Hello, lovely makers all! You may recall that I mentioned (back in this post) a book called The Knitter’s Handy Book of Top Down Sweaters, by Ann Budd. I acquired it some time back but did not really have the head-space to sound it out fully until this year. This series will, hopefully, provide a practical review of the book and the abundant possibilities contained within.
In essence, the book does the maths for 4 common sweater constructions that are knitted from the top down. It accommodates gauges from 3-7 stitches per inch, which will take in cover chunky to 4-ply yarns. That has its limitations of course, but these are tempered by the wide size range. Because the range spans from (children’s) chest size 26″ to (adult’s) size 54″, you can use the numbers from another size and/or gauge to suit the gauge that you want to knit at, or to achieve the size that you want.
Obviously, depending on what you want to achieve, it won’t satisfy every single criteria – but it’s a good starting point. The Introductory chapter explains very clearly how to manage if your desired gauge, or size, falls in between sizes. This is valuable information for getting the most out of your wool and pattern stash! The subsequent chapters deal individually with seamless yoke, raglan, set-in sleeve and saddle-shoulder constructions. The measurements for each size, in each construction method, are detailed clearly. I will highlight a minor warning here: do check your desired finished measurements against these numbers. I have found both the necklines small and the yoke/armscye depths shallow. As I said, it’s a good starting point, if you’re willing to put a bit of thought into it. Directions are given for both pullovers and cardigans, and each chapter includes 3 realised patterns to get you going.
I really wanted a breathable summer sweater in teal, with a bit of texture for interest. My original inspirations were Berlin (Ravelry link) by Ankestrik, and Donner (same) by Elizabeth Doherty. I had knit the former, and don’t like the silhouette of the latter, but I liked the idea of the textured stripe. I had a look in my stitch dictionaries and I found one called ‘Roman Stitch’. It is basically 2 rows of moss stitch (I really don’t think I’m giving anything away by telling you that!).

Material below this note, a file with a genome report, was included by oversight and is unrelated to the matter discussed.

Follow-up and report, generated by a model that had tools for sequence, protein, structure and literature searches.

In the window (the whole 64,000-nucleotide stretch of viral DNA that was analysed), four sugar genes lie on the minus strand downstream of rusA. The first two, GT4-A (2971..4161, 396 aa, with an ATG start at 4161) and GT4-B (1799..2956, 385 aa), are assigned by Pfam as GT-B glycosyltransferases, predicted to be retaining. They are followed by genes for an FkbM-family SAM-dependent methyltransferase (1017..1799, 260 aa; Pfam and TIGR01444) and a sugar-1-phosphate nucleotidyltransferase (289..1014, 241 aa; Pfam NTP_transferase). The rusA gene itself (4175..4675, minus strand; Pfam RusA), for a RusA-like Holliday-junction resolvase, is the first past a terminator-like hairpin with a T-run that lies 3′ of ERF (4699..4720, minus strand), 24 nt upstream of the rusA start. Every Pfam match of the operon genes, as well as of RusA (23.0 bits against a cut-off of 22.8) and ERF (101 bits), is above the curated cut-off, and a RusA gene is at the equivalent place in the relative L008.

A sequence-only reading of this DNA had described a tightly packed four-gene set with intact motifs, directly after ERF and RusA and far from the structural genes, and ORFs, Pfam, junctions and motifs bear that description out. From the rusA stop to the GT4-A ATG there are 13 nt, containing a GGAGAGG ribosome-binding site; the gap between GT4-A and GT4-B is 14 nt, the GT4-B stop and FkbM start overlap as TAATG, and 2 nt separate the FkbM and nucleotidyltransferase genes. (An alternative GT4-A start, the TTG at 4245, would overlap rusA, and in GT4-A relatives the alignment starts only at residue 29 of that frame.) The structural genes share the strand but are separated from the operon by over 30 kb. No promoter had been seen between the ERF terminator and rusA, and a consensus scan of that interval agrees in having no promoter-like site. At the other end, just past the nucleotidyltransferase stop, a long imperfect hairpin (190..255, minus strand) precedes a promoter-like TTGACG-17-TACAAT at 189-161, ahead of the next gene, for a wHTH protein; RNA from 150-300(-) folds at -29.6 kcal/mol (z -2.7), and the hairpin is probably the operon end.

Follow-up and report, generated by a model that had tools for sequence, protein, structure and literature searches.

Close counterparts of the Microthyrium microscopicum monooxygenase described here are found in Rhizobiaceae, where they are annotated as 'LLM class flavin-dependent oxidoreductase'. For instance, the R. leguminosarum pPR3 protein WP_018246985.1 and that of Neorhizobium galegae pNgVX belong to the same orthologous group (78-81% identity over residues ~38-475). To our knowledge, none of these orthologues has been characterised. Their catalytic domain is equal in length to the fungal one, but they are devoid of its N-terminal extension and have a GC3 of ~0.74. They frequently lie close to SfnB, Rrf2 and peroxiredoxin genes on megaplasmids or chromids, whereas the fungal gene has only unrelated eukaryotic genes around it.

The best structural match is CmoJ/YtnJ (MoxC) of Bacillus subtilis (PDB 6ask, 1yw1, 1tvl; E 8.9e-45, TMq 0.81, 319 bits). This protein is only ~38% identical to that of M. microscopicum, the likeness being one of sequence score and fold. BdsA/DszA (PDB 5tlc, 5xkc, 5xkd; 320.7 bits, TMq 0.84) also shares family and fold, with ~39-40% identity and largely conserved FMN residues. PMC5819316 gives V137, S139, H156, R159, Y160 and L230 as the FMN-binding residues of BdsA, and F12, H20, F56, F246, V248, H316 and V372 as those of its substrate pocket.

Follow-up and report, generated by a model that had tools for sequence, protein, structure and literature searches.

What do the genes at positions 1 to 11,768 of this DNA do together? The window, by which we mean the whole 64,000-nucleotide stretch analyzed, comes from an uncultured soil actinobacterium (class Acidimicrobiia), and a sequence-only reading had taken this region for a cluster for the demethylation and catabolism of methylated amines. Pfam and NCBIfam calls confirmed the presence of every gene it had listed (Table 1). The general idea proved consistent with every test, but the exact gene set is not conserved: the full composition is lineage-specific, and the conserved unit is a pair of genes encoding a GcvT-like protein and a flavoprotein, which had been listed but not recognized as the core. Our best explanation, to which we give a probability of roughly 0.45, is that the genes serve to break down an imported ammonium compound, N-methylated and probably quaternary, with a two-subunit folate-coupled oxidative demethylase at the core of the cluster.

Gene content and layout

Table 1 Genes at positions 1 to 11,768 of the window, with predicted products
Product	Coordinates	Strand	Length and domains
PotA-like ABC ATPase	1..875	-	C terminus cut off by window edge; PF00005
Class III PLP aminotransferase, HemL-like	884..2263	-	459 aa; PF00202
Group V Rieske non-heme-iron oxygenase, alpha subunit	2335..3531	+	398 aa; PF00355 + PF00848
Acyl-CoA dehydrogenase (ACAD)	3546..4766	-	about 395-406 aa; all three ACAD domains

Previous experiments with this book had proved what I warned of before, namely a very close-fitting neckline, so although I was going for a 32″ finished measurement, I casted on for a 34″ at the neckline. I worked the number of increases recommended for the 32″, but worked the yoke depth to 8″, which is what I need.
I also worked some short rows at the upper back neck, which hopefully you will be able to see here. The book doesn’t give directions for additional kinds of shaping like short rows, so if you’re a novice, you might find the finished fit a bit frustrating from this point of view.
I established my short rows 1″ on either side of the centre back marker, and continued to turn at 1″ beyond each point until I reached the centre front. That might seem excessive, but I have fairly rounded shoulders and if I do not work this amount of shaping, the front of the sweater simply will not sit properly.
I finished off the cuffs and hem with about 6 rows of moss stitch. I really like how the Roman Stitch encourages ‘soil creep’ on the sleeves…
I am really pleased with the fit at the back. I worked some waist shaping at the sides: I deceased 2 stitches on either side every 2″ from the underarm 4 times, and then increased every 2″ twice, then worked the hem. I didn’t really measure it out, it more the time-honoured, hold-it-up-to-you method.
As for the neckline, I didn’t want to bring it in any closer, so I opted for two rounds of single crochet around.
Summary of the details!
Yarn: Scheepjes Bamboo Soft in Spruce from Winnie’s.
This was my first time using this yarn and it’s lovely. It has a good drape and holds its shape well in the wash. It is also not as heavy or taxing to work with as 100% cotton. Fully recommend! I used 5.75 balls for this jumper.
Needles: 3.5mm, which worked out to be 6st/1″.
Here is my ravelry page for the project.